Recent dry weather conditions around the region have given rise to the possibility of a repeat of the haze conditions last year. In early March, fires were reported in Riau, Sumatra, where a state of emergency was declared. Elsewhere, drought conditions have been reported: Thailand was enduring its worst drought in more than 20 years, and Johor and Pahang in Malaysia recently imposed water-rationing measures. Malaysia also had to close 250 schools in April because of above-37°C temperatures.

BILLIONS IN LOSSES

The haze may rear its ugly head again this year if preventive measures are not in place.

Mr Nazir Foehd, head of Indonesia’s newly formed Peatland Restoration Agency, has categorically stated that there is “zero chance” of a repeat of a haze episode of last year’s magnitude. Mr Nazir has stated that Indonesia was not at the “denial stage” any more, but at the stage of “correcting mistakes of the past”. But Mr Nazir faces daunting challenges, as he will be up against conglomerates and officials with vested interests in palm oil.

This year has been forecast to be one of the hottest globally and in South-east Asia. The World Bank estimated that Indonesia faced losses of around US$16 billion (S$22 billion) or 1.9 per cent of its gross domestic product last year because of the haze. The forests destroyed amounted to 2.6 million ha, 36.2 times the land area of Singapore. Incidentally, the haze cost Singapore S$700,000 in losses last year, with PSI readings of above 400 recorded.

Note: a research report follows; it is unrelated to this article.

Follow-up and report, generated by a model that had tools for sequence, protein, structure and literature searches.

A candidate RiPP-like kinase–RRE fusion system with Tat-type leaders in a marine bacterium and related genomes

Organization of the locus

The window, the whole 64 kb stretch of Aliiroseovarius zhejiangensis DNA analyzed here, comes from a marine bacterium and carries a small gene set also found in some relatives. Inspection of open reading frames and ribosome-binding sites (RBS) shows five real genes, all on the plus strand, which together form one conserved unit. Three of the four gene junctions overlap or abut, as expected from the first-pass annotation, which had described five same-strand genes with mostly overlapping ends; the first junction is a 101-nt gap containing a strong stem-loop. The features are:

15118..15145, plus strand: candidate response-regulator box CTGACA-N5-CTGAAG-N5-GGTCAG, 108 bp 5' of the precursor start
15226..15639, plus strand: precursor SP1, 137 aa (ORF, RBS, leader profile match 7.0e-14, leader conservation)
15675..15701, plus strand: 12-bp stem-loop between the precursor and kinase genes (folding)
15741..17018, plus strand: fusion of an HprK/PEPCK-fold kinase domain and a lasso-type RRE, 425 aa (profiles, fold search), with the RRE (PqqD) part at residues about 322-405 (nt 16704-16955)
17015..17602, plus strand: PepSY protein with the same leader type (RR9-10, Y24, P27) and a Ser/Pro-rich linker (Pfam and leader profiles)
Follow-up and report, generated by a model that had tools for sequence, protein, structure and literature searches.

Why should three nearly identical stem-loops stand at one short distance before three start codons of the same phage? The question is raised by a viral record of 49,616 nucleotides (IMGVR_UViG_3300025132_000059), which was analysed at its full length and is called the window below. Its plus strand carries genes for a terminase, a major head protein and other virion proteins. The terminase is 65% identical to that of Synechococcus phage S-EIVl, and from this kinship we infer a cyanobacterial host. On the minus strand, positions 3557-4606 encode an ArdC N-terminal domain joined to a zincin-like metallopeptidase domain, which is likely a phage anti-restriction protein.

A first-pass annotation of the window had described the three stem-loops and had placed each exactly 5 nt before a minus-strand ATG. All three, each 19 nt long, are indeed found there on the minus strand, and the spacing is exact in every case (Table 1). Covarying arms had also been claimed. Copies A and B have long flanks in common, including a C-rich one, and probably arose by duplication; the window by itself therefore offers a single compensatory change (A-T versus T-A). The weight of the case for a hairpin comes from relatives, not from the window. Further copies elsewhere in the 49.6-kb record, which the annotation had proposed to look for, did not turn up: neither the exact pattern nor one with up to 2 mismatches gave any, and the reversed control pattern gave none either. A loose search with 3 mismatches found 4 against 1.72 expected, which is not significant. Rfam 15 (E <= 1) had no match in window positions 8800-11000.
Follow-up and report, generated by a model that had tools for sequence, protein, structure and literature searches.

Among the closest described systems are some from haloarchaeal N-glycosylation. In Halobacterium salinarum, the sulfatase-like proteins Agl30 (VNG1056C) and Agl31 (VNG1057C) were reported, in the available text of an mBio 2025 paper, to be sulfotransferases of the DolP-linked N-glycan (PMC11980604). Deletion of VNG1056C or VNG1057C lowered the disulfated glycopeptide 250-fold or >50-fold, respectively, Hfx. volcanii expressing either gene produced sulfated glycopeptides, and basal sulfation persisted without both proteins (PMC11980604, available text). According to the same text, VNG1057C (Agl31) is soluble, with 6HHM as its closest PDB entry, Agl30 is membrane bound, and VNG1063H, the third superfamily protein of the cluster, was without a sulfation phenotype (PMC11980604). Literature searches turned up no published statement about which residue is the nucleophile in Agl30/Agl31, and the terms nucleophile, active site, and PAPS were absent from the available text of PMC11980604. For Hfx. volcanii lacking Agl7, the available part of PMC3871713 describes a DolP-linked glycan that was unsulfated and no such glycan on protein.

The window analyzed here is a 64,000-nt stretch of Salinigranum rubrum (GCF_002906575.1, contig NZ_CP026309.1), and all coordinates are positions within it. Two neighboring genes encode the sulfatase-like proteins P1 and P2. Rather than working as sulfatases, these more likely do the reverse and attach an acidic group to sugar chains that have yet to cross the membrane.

Information from Indonesia on its plan of action and progress to prevent and mitigate the fires that cause the haze would be a step in the right direction. A defensive stance does not portend well for regional efforts to eradicate transboundary haze pollution. In this respect, being aware of what the other is doing is crucial.

ABOUT THE AUTHOR:

Lee Poh Onn is a researcher at ISEAS-Yusof Ishak Institute.